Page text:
Europe should move to cover regulatory 'blind spots' for crypto assets: EU Parliament report
April 10, 2020, 4:27PM EDT · 3 min read
- According to a recent study by the European Parliament Research Service, E.U. regulators should expand the scope of both cryptocurrency’s definition and the list of crypto-related entities subject to laws
- Researchers also found it problematic that financial institutions are allowed to engage with crypto assets and believe investors should get clearer instructions regarding crypto-assets’ high-risk nature.
The European Parliament’s in-house think tank is recommending the E.U. broaden the definition of cryptocurrency and expand the list of crypto-related entities subject to regulations.
In May 2018, the E.U adopted the Fifth Anti-Money Laundering Directive (AMLD5). It proposed a stringent regulatory framework requiring crypto exchanges and custodial service providers to register with regulators and demonstrate compliance with know-your-customer (KYC) and anti-money laundering (AML) rules.
However, in a new study published by the European Parliament Research Service, researchers argued that the AMLD5 framework is now outdated when compared to higher international standards such as that of the Financial Action Task Force (FATF).
“To bring the European AML/CFT framework up to speed with the current reality in the crypto-space, the EU could consider a number of regulatory actions,” the report said.
Broadening regulatory scope
The first recommendation concerns the expansion of the AML/CFT framework's regulatory scope. For one, researchers observed a “massive growth” in the number of platform tokens and proposed the inclusion of private tokens as a subcategory of cryptocurrency.
Moreover, some crypto-related entities – include exchanges facilitating crypto-to-crypto transactions, financial institutions participating in cryptocurrency offerings and centralized trading platforms – are not covered by the current framework and should be targeted for AML purposes.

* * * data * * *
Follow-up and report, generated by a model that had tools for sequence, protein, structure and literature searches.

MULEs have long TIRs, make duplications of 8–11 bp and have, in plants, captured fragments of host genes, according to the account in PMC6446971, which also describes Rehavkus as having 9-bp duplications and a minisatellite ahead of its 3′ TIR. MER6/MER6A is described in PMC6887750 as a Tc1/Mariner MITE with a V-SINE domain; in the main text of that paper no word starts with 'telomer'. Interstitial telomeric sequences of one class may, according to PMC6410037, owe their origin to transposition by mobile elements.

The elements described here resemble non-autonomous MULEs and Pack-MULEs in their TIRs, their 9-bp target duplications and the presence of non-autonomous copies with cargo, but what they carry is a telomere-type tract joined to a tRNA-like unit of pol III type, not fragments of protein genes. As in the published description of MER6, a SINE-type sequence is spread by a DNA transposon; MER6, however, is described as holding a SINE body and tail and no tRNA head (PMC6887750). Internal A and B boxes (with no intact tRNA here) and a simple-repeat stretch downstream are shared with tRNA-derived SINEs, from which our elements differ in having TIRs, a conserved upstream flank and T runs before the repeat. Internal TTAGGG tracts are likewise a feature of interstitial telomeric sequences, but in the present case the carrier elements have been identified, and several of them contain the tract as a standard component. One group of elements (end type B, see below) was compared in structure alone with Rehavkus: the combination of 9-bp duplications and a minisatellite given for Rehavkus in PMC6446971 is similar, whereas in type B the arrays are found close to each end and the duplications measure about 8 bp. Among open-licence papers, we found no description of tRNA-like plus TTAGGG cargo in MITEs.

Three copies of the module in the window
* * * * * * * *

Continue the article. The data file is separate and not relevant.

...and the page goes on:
Cryptocurrency miners also need to be further scrutinized, the report said.
“Nowadays, coins have emerged that do not always require big energy-consuming server farms to mine, but that can be mined running a few hardware rigs at home,” the report said. “As it stands, such rigs can be set up by anyone, also by criminal actors.”
“Newly mined coins are by definition “clean”, so if someone (e.g., a bank) is willing to convert them into fiat currency or other crypto-assets, the resulting funds are also clean,” the report continued. “A first regulatory step could be to try to map the use of this technique and subsequently, if it effectively proves an important blind spot, to consider appropriate counter measures.”
Interestingly, researchers asserted that coin developers and non-custodial wallet providers should not be subject to AML procedures because they are merely providing the technological infrastructure.
Stating investment risks
Cryptocurrencies are subject to price volatility, the report said, and have not proven to be resilient to market fluctuations. Additionally, they do not easily fit into existing financial laws and therefore represent even greater risks to investors.
As a result, researchers found it problematic that financial institutions are allowed to engage with crypto assets under current regulations.
“At present, EU financial laws do not prohibit financial institutions from holding or gaining exposure to crypto-assets or from offering services relating to crypto-assets,” the report said. “If financial institutions decide to acquire them and take them on their balance sheets or engage in activities that involve them, they could face enormous losses.”
“As part of a conservative prudential treatment, for now, the best way forward to deal with the uncertainty surrounding crypto-assets, is probably to deduct them from a financial institution’s own funds,” the report added.
Moreover, researchers believe that E.U. regulators should more clearly label unregulated cryptocurrencies as high-risk assets.
“Crypto-assets that do not qualify as MiFID II financial instruments, nor EMD2 electronic money, and hence, escape all EU financial regulation, the EU should, at the very least, put appropriate risk disclosure requirements in place, so that investors and/or consumers can be made aware of the potential risks prior to committing funds to these crypto-assets,” said the report.
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